A man found dead outside his Rotorua home at the weekend was a regular synthetic cannabis user, a family member says.

The man was found dead on Sunday morning outside his Sherriff St house.

His death has sparked a family member to speak out about the dangers of synthetic cannabis use saying the drug was "evil" and everyone needed to stop using it before it was too late.

Rotorua police area commander Inspector Anaru Pewhairangi confirmed police were called to the sudden death of a man on Sunday morning and a file was being prepared for the coroner to determine his cause of death.


A family member, who didn't want the family named, said hearing about the death had made him angry because the dead man was a synthetic cannabis user.

The family member, who said he was referred to as a "brother" despite not being blood brothers, said he used to smoke synthetic cannabis with the man often when he lived in Rotorua.

The family member said he had since moved to the South Island to "get clean", which he said he had done.

He told the Rotorua Daily Post yesterday through tears he often told the man to give the drug up, even when they were both using it.

"I tried (to make him stop) ... But you can't stop anyone from doing it ... When you smoke synnies (synthetic cannabis) you are a fiend. You will steal off your dying grandmother to feed your habit.

"That synthetic s*** has taken over the whole P industry. I smoked P for 13 years and even pinged it up (injected methamphetamine into blood) for five years.

"I found it relatively easy to give it up but I smoked synnies for about a year and it was the hardest thing for me to give up. My body demanded it."

The family member said people might be angry with him for speaking out about his "brother's" use of synthetics.


"But I don't give a **** at the end of the day. He was my brother. That could happen to anyone."

The family member said what made him eventually give up the drug was that he vomited so much one day he thought he was going to die.

"It (giving up all drugs) has made me stronger and I just want to be there for people ... I want to put a stop to this (synthetics) s*** once and for all."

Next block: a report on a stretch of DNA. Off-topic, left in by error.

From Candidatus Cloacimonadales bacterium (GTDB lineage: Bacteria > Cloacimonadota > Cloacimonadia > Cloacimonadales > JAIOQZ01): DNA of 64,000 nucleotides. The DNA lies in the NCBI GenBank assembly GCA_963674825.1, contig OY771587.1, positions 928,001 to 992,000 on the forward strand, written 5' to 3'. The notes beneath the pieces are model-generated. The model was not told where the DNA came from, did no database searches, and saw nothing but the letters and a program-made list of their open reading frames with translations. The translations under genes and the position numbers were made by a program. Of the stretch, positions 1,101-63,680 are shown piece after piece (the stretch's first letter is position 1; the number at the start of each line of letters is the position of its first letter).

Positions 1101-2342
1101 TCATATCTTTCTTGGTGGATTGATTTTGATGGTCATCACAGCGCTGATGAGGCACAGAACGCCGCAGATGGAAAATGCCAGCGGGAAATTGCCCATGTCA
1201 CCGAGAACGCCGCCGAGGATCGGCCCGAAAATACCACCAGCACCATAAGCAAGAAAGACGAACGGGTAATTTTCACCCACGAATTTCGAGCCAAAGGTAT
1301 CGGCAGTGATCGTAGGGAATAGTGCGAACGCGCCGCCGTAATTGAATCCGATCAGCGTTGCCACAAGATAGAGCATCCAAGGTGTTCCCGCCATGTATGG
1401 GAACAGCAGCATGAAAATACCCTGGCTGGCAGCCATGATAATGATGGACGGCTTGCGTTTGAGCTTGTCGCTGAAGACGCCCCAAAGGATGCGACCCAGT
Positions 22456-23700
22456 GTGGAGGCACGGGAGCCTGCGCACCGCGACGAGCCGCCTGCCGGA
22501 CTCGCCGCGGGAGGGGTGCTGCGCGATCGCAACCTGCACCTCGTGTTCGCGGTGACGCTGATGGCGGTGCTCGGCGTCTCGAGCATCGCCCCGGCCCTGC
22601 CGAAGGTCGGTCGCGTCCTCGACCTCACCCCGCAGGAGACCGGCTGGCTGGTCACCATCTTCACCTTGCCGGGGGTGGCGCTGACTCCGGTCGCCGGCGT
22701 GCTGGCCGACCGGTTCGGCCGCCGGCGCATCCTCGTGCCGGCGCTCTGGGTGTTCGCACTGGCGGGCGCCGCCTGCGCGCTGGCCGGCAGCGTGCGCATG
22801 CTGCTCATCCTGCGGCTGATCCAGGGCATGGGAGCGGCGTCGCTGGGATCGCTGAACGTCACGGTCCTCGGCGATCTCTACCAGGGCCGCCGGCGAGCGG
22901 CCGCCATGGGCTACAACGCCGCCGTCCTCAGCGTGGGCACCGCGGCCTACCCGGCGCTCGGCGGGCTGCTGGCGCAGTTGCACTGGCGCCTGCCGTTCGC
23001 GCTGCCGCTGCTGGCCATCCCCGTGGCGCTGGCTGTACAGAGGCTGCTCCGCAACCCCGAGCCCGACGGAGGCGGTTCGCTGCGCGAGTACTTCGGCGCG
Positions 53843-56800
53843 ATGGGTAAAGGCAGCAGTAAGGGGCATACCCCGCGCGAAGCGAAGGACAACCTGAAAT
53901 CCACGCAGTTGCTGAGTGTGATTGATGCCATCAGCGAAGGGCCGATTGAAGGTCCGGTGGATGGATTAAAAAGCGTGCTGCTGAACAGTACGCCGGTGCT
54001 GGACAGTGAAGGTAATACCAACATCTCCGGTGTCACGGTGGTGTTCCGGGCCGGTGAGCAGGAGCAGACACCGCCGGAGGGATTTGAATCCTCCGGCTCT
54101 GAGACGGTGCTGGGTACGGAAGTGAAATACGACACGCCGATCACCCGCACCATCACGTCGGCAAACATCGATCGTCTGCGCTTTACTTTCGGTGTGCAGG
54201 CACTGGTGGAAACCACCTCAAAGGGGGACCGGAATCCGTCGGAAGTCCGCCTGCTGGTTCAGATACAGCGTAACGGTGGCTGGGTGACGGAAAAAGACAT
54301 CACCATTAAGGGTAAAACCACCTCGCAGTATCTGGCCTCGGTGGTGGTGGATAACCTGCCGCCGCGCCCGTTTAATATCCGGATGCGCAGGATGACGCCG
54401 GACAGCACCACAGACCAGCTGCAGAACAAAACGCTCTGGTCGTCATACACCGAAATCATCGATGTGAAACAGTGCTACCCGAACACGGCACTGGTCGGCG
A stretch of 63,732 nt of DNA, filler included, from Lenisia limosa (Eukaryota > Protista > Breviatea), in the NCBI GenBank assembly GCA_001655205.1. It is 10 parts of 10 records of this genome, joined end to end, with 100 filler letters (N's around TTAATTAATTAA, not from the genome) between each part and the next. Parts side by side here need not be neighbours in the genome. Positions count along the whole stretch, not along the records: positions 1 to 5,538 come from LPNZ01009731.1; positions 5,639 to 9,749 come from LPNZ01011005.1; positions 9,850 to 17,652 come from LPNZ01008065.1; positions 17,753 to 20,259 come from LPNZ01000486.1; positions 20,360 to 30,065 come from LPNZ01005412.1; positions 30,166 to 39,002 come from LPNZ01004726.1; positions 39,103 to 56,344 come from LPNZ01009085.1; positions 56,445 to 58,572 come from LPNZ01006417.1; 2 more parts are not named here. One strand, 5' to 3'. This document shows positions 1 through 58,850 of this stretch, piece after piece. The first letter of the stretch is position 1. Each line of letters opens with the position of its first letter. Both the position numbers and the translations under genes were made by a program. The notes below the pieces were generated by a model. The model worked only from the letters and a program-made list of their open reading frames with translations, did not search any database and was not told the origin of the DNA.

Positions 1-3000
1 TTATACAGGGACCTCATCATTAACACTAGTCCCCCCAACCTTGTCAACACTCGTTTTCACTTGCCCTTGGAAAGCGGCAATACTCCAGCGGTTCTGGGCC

He described the use of synthetic cannabis as a really bad problem in the North Island and he was pleased he was now surrounded by good people and had a good job.

The family member said the dead man's immediate family were on their way to Rotorua from Australia and other areas for his funeral tomorrow.

The Rotorua Daily Post spoke to the man's friends.

The friends, who didn't want to discuss the circumstances around the man's death, said he would always do something to make them laugh.

One friend said she felt like she had known him all her life, despite knowing him only a few months.

"He meant everything to us. We were always together."

She said the man had played a big part in their lives whether he knew it or not.

"We are going to be blessed with a big hole in our lives that is never going to be filled."

When they found out he had died, she said they "didn't want to believe it".

Another friend said the man was "an awesome guy".

"He's always there to help people when they need it."

He said their favourite pastime was hunting Pokemon, a gaming app.

"We were obsessed."

He said his friend of two years was always trying to make people laugh.

"I'll miss everything. Just him."

Several people have posted tributes to the man on his Facebook page, including one that said "Rest easy my bro ... gunna miss you man. Always going to remember the good times".

Last month at least 17 people were taken to Rotorua Hospital's emergency department to be treated after smoking the drug.

On August 12 a 44-year-old man was found dead at a Gifford Pl house. The man's death is also being referred to the coroner.

A Lakes District Health Board spokeswoman said a person was admitted to Rotorua Hospital's Emergency Department on Monday this week suffering from the effects of smoking synthetic cannabis. She said no one had been taken to hospital for at least a week before that.

Police and the Chief Coroner last week reinforced their warnings about the dangers of synthetic cannabis.

The Office of the Chief Coroner has about 20 cases under review where synthetic cannabis is a possible cause of death, up from 11 in July.